Él no me compra nada.
He doesn’t buy me anything.
He doesn’t buy anything for me.
Ella no te trae el desayuno.
She doesn’t bring you breakfast.
She doesn’t bring breakfast for you.
No le mando a él la cuenta.
I don’t send him the bill.
I don’t send the bill to him.
Ellos no nos compran ningún regalo.
They don’t buy us any gifts.
They don’t buy any gifts for us.
Compare the affirmative statements with their negative counterparts.
Él me compra algo.
Él no me compra nada.
Ella te trae el desayuno.
Ella no te trae el desayuno.
Le mando a él la cuenta.
No le mando a él la cuenta.
Ellos nos compran regalos.
Ellos no nos compran ningún regalo.
Remember, don’t translate word-for-word. Instead, think in terms of phrases, or concepts. “Ellos no nos compran ningún regalo” contains 3 concepts:
  1. ellos nos compran (they buy us)
  2. regalo (gift)
  3. no, ningún (make the sentence negative)
The key to learning to use the indirect object pronouns is the same as the key for direct object pronouns. You must learn to think in phrases, not words. The phrases consist of a pronoun and a conjugated verb. In the following examples, note that the IO remains the same, while the subject of the phrase changes.
no me compra
he doesn’t buy (for) me
no me compras
you don’t buy (for) me
Remember, the IO pronouns le and les present a special problem because they are ambiguous. That is, they can stand for different things.
le
to (for) him
to (for) her
to (for) you-formal
les
to (for) them
to (for) you-all-formal
The following sentences, while grammatically correct, are ambiguous:
Ella no le escribe una carta.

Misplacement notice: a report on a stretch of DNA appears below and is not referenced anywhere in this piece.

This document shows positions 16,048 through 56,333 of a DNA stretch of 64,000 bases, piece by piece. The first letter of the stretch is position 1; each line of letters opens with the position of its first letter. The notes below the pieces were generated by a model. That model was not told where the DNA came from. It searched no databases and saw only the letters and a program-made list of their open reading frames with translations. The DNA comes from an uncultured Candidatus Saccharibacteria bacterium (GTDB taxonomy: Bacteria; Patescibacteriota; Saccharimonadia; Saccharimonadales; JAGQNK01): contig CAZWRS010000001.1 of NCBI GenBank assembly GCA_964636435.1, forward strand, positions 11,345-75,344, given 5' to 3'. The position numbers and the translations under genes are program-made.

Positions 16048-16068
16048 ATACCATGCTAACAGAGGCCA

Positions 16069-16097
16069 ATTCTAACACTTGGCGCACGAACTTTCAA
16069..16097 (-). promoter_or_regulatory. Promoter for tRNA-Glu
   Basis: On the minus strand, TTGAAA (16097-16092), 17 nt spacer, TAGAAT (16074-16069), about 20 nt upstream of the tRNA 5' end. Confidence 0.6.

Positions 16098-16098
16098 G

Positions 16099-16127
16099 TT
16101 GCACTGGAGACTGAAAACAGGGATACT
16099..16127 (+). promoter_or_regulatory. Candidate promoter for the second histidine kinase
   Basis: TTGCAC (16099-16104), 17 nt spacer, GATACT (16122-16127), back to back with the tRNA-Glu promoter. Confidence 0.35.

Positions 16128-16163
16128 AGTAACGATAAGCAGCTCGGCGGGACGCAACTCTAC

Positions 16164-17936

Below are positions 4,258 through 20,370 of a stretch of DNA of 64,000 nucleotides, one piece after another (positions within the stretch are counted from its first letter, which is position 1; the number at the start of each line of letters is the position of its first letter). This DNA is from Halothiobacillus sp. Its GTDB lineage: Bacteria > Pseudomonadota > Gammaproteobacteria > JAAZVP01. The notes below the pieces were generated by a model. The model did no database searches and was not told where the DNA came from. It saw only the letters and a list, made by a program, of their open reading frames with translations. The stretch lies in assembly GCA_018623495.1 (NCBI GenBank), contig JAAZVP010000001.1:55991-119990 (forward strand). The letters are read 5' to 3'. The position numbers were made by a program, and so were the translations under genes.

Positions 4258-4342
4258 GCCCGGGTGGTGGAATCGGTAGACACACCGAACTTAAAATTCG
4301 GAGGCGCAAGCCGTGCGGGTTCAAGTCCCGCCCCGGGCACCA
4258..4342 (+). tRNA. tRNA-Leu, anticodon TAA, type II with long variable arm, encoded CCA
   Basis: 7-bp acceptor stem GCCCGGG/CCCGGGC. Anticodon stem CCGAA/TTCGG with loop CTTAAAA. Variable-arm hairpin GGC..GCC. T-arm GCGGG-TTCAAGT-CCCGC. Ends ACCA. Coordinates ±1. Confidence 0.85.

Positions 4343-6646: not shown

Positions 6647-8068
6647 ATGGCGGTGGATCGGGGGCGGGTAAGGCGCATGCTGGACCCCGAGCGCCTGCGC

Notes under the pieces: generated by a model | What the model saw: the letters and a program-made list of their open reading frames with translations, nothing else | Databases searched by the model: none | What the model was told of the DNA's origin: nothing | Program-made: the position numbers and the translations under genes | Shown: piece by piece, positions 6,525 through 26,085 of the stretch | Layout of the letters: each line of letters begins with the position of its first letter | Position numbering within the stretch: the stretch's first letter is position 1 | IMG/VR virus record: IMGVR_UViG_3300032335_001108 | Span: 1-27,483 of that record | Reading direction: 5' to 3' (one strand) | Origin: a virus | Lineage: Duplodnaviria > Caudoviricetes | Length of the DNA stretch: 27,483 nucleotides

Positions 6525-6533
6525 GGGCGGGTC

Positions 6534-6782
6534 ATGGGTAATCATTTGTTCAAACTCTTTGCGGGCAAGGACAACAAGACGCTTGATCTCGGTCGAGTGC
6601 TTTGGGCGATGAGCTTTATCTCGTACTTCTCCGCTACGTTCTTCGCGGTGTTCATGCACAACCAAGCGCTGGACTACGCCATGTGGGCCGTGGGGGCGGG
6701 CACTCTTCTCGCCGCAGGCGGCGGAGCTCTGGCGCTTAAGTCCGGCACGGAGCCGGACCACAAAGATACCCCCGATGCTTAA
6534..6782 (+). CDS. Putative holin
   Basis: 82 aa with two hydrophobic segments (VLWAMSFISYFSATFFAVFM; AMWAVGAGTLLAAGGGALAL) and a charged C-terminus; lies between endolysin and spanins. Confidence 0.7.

Ella no les escribe una carta.
Out of context, there is no way we can know the meaning.
Ella no le escribe una carta.
She doesn’t write him a letter.
She doesn’t write her a letter.
She doesn’t write you (formal) a letter.
Ella no les escribe una carta.
She doesn’t write them a letter.
She doesn’t write you-all (formal) a letter.
Since le and les can mean more than one thing, a prepositional phrase is often added to remove the ambiguity.
Ella no le escribe a Juan una carta.
Ella no le escribe a su hermana una carta.
Ella no le escribe a usted una carta.
Ella no les escribe a sus padres una carta.
Ella no les escribe a ustedes una carta.
Sometimes a prepositional phrase is added not for clarity, but rather for emphasis.
Juan no me da a mí el dinero.
John doesn’t give me the money.
(emphasizing that the money is not given to me but rather to someone else)
Juan no te da a ti el dinero.
John doesn’t give you the money. (emphasis on you)
There is no ambiguity in the following sentence. It can only mean one thing.
Juan no me da el dinero.
John doesn’t give me the money.
The addition of a prepositional phrase merely adds emphasis.
Juan no me da a mí el dinero.
John doesn’t give me the money.
Remember:
  • The IO tells us where the DO is going.
  • The IO answers the question “to whom” or “for whom.”
  • In order for a sentence to have a IO, it must also have a DO.
  • Sometimes the DO is not stated, but rather is implied, or understood.
  • The IO pronouns are: me, te, le, nos, os, les.
  • In a negative sentence, place the pronoun between the negative word and the conjugated verb.
  • Think in phrases, do not translate word-for-word.
  • Le and les are ambiguous.
  • Prepositional phrases are often used for clarity and for emphasis.

INDIRECT OBJECT PRONOUNS PART II: TEST #1

  1. Determine the direct object (DO) and the indirect object (IO). Write only the noun, not the article.

    1.  
      DO= 
    2.  
      IO= 
  2. Change the following sentences so that they are negative, and replace the IO noun with the correct IO pronoun.

    1.  
       una carta.
    2.  
      Guadalupe  una carta.
    3.  
      El mesero  el menú.
    4.  
      Ellos  una propina.
  3. Translate the phrases. Do not abbreviate "usted" or "ustedes."

    1.  
    2.  
    3.  
    4.